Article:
|Publication number||US6367639 B1|
|Application number||US 09/280,226|
|Publication date||Apr 9, 2002|
|Filing date||Mar 29, 1999|
|Priority date||Mar 29, 1999|
|Publication number||09280226, 280226, US 6367639 B1, US 6367639B1, US-B1-6367639, US6367639 B1, US6367639B1|
|Original Assignee||Bob Mar|
|Export Citation||BiBTeX, EndNote, RefMan|
|Patent Citations (29), Referenced by (42), Classifications (14), Legal Events (4)|
|External Links: USPTO, USPTO Assignment, Espacenet|
The present invention relates to safety containers. More specifically, this invention relates to safety containers of the type having removable lids that are intentionally designed to be difficult for children to open in order to gain access to the contents of the container.
Pharmaceutical manufacturers, pharmacists, and others have long sought to provide safety containers for contents such as drugs and other potentially dangerous contents. The object of their search has been to provide a container that can be opened readily by an adult but not by a child.
One safety container that has existed for some time is the “push-and-twist” container. The push-and-twist container requires that the person opening the container push down rather forcefully on the cap of the container and simultaneously twist the cap to unscrew it and move it to a position where it can be lifted off of the container.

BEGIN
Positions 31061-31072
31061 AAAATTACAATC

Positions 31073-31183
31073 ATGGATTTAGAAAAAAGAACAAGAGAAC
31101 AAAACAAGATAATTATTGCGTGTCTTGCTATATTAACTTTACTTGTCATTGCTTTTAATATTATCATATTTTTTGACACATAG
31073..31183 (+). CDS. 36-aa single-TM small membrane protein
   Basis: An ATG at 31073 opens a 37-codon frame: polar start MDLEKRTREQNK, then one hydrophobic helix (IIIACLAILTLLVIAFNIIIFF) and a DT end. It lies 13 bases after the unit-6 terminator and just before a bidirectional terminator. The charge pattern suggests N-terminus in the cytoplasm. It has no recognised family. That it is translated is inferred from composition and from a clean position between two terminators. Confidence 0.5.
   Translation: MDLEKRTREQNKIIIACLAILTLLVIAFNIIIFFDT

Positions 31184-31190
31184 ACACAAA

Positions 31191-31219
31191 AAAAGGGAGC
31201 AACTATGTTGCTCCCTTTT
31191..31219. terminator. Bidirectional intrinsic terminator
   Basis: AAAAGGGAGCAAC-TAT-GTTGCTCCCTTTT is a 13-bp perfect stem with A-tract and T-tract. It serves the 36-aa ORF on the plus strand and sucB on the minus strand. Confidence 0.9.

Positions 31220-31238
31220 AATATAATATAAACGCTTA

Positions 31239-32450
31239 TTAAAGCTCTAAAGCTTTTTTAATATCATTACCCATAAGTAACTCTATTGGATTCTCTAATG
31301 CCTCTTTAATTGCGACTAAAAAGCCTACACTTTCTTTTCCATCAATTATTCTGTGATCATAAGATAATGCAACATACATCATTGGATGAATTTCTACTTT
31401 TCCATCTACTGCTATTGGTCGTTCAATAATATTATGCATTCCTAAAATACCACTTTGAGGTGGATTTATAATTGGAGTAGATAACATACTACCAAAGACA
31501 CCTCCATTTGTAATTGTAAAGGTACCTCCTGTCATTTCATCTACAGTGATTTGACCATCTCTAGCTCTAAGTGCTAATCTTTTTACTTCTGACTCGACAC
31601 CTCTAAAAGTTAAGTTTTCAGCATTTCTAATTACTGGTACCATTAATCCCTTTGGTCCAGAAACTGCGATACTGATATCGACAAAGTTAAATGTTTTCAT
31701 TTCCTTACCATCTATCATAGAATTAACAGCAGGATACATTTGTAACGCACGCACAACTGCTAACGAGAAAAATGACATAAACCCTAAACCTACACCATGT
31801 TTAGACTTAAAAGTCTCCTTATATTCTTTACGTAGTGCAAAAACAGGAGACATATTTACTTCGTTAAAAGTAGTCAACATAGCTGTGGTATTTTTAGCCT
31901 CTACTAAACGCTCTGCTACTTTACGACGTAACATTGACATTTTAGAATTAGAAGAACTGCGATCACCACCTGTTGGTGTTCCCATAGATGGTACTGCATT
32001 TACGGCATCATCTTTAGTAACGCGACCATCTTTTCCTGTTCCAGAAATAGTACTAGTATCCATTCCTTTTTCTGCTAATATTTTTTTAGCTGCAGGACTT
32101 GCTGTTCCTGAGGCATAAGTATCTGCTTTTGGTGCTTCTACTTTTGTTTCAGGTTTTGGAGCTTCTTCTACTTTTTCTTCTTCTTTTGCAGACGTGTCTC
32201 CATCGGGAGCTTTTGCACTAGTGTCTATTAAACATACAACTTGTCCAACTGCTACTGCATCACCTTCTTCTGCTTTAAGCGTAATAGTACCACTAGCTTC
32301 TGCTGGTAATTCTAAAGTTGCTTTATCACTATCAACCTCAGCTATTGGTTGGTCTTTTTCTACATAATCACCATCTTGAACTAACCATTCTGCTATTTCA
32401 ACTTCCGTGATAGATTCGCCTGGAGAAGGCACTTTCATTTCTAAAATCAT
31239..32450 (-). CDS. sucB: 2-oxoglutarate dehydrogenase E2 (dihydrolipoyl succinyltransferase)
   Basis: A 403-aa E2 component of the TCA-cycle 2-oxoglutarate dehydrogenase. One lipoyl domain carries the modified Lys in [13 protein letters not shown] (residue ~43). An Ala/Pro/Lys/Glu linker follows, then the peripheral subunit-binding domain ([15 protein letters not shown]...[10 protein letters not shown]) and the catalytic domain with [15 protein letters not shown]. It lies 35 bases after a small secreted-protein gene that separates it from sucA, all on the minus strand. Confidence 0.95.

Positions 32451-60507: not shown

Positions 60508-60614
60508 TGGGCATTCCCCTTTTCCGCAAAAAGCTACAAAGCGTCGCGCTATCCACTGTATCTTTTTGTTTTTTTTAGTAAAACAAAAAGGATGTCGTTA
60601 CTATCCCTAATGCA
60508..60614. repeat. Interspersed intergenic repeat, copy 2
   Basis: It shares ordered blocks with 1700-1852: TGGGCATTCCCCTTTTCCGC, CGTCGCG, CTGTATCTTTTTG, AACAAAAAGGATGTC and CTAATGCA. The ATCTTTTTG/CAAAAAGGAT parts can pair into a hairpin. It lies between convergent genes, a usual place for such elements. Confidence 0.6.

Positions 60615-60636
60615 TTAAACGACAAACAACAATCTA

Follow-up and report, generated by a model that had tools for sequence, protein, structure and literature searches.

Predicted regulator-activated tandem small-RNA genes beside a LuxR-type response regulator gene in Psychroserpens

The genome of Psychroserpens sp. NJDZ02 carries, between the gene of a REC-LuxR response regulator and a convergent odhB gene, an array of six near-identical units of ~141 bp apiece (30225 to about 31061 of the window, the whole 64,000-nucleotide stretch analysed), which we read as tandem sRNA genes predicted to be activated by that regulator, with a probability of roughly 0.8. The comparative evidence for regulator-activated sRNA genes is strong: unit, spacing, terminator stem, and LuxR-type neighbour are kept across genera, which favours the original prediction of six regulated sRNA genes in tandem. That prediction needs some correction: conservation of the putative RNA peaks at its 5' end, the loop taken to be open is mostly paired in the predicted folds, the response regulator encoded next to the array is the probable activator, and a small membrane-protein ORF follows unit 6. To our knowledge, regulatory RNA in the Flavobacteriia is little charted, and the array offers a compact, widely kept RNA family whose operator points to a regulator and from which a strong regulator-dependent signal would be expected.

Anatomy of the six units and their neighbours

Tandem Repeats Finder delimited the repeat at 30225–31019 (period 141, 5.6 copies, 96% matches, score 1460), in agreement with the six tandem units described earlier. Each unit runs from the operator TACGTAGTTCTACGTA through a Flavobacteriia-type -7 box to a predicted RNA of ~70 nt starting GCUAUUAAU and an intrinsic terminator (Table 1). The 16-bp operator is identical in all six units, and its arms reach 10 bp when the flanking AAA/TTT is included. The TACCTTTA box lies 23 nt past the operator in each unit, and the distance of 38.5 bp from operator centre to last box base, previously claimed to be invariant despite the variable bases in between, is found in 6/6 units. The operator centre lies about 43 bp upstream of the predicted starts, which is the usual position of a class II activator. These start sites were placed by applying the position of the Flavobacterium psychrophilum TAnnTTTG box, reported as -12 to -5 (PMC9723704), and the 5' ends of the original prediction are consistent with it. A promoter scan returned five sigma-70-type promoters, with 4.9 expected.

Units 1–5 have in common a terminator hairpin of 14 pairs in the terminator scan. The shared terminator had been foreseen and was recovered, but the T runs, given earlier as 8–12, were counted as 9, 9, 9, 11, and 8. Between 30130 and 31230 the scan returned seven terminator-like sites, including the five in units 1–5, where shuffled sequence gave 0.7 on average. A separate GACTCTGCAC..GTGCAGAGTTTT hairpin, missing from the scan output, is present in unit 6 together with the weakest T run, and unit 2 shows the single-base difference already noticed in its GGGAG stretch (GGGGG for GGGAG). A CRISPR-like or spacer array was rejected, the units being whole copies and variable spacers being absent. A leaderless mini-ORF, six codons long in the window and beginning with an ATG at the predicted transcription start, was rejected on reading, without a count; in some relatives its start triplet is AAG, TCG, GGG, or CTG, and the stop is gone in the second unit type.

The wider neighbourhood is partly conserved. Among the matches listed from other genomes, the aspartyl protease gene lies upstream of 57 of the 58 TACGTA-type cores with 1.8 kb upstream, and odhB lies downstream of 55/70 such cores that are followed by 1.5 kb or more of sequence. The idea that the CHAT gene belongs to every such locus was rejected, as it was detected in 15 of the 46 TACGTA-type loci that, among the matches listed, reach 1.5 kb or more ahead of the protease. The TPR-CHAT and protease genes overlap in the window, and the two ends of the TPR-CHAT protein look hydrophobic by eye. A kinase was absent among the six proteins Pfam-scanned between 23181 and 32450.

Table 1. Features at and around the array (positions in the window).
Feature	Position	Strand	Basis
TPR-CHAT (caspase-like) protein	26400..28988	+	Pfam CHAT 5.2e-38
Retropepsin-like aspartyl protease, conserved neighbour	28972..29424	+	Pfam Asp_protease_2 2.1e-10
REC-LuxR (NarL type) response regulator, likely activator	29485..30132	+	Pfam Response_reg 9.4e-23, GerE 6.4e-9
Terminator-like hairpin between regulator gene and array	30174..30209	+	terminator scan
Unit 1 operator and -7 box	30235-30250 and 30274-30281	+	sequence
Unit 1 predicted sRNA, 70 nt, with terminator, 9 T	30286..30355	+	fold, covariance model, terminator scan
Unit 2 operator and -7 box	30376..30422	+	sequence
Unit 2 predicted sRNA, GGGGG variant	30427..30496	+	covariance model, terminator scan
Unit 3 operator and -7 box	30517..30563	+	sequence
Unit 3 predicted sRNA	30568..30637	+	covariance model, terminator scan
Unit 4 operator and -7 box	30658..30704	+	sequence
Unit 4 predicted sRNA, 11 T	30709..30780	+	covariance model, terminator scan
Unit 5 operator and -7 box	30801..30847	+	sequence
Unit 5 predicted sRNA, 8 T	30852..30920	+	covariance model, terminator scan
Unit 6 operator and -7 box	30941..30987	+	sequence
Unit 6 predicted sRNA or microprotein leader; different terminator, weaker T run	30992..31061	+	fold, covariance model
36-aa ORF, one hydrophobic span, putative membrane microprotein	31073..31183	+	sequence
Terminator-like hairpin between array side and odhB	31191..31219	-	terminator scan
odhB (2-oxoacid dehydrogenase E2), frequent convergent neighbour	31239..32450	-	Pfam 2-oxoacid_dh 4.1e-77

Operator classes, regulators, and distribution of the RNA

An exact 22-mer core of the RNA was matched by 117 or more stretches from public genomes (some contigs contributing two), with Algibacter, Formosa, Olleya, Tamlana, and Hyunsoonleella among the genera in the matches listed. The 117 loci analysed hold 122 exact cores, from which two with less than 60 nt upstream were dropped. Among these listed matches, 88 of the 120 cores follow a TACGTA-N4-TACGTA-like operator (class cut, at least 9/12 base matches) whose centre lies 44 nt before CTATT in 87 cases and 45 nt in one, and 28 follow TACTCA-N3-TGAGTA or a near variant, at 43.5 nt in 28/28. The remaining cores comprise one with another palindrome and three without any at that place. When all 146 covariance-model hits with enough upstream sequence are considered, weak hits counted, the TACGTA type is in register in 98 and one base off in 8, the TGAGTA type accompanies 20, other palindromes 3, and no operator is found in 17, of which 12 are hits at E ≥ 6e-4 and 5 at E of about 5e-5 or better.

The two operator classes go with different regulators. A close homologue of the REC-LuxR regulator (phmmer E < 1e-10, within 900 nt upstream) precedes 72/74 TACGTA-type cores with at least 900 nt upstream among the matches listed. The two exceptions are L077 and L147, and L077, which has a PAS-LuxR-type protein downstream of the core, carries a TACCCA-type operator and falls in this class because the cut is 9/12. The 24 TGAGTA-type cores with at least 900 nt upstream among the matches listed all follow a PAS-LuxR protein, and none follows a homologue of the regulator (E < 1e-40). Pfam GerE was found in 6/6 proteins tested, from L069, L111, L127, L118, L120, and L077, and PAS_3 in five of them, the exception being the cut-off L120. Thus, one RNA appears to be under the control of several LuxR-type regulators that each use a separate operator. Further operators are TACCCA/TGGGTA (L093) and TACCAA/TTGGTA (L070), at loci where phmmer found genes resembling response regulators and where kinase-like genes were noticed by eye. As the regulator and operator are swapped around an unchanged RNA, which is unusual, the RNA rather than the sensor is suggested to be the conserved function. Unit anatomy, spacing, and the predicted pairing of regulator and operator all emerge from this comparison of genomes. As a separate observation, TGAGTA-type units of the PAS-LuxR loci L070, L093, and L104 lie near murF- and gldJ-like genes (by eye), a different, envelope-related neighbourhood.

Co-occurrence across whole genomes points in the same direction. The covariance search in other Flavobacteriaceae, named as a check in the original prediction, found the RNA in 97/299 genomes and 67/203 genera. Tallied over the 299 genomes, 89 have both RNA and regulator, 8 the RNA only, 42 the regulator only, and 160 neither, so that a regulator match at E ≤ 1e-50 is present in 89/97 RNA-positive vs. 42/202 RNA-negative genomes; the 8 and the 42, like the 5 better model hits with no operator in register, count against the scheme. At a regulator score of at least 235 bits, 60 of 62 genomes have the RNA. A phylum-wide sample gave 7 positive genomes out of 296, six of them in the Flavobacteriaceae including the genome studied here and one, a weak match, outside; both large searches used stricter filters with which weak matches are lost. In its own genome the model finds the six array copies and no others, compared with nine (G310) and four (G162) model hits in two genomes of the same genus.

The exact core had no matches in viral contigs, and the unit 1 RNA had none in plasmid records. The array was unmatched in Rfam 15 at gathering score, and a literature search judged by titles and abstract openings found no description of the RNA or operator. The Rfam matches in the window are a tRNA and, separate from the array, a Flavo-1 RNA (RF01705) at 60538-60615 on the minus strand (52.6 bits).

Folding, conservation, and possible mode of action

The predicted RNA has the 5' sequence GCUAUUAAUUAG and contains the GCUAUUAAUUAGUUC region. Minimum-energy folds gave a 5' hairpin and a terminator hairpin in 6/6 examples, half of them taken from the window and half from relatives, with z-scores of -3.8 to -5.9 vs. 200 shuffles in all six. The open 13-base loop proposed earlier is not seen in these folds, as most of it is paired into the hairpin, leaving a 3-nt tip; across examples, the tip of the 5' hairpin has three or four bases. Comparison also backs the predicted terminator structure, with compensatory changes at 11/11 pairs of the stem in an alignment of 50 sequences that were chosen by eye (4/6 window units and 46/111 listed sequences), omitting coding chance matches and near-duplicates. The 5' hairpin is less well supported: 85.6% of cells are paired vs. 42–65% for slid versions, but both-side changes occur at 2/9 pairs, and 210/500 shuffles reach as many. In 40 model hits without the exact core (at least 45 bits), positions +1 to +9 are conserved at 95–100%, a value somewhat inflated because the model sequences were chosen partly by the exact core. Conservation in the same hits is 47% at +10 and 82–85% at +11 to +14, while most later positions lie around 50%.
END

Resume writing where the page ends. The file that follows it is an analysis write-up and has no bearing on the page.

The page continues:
One problem with the push-and-twist type of container is that the twist cap entirely separates from the container when the container is opened. The cap can be lost, and in any event, the separate cap requires effort to locate and place the cap back onto the container body in order to close the container. In addition, when the user has multiple such containers open, as is often the case for elderly persons who often must take more than one type of drug at a time, the user can mix-up the lids and place the wrong cap on the wrong container or, because of the effort required to keep track of the disparate caps and replace them on the correct container, simply leave the caps off of their containers. These types of mix-ups or failure to even close the containers defeats the very purpose of putting a safety cap or lid on the container at all.
Another problem with the push-and-twist container is that it requires only one pushing and twisting motion in order to open the container. A child need only figure out that one push-and-twist motion in order open the container or others like it.
Yet another problem with the push-and-twist container is that it has only one mode of closing and opening. Many people, however, rarely if ever have children in their homes. At the same time, they may be weak or suffer from coordination difficulties that render it difficult and perhaps even impossible to perform the push-and-twist motion. Even in the case of a healthy adult, the user may not want, and have no need to utilize, any more than minimal safety features on a particular safety container. For these and other reasons, these types of users may have no need, desire, or ability to themselves repeatedly engage in the substantial push-and-twist effort required to utilize the push-and-twist container. For these types of users, the push-and-twist and similar types of safety containers do not provide an adequate solution to the problem of providing a container that will be relatively securely closed when not in use, depending on the needs of the user.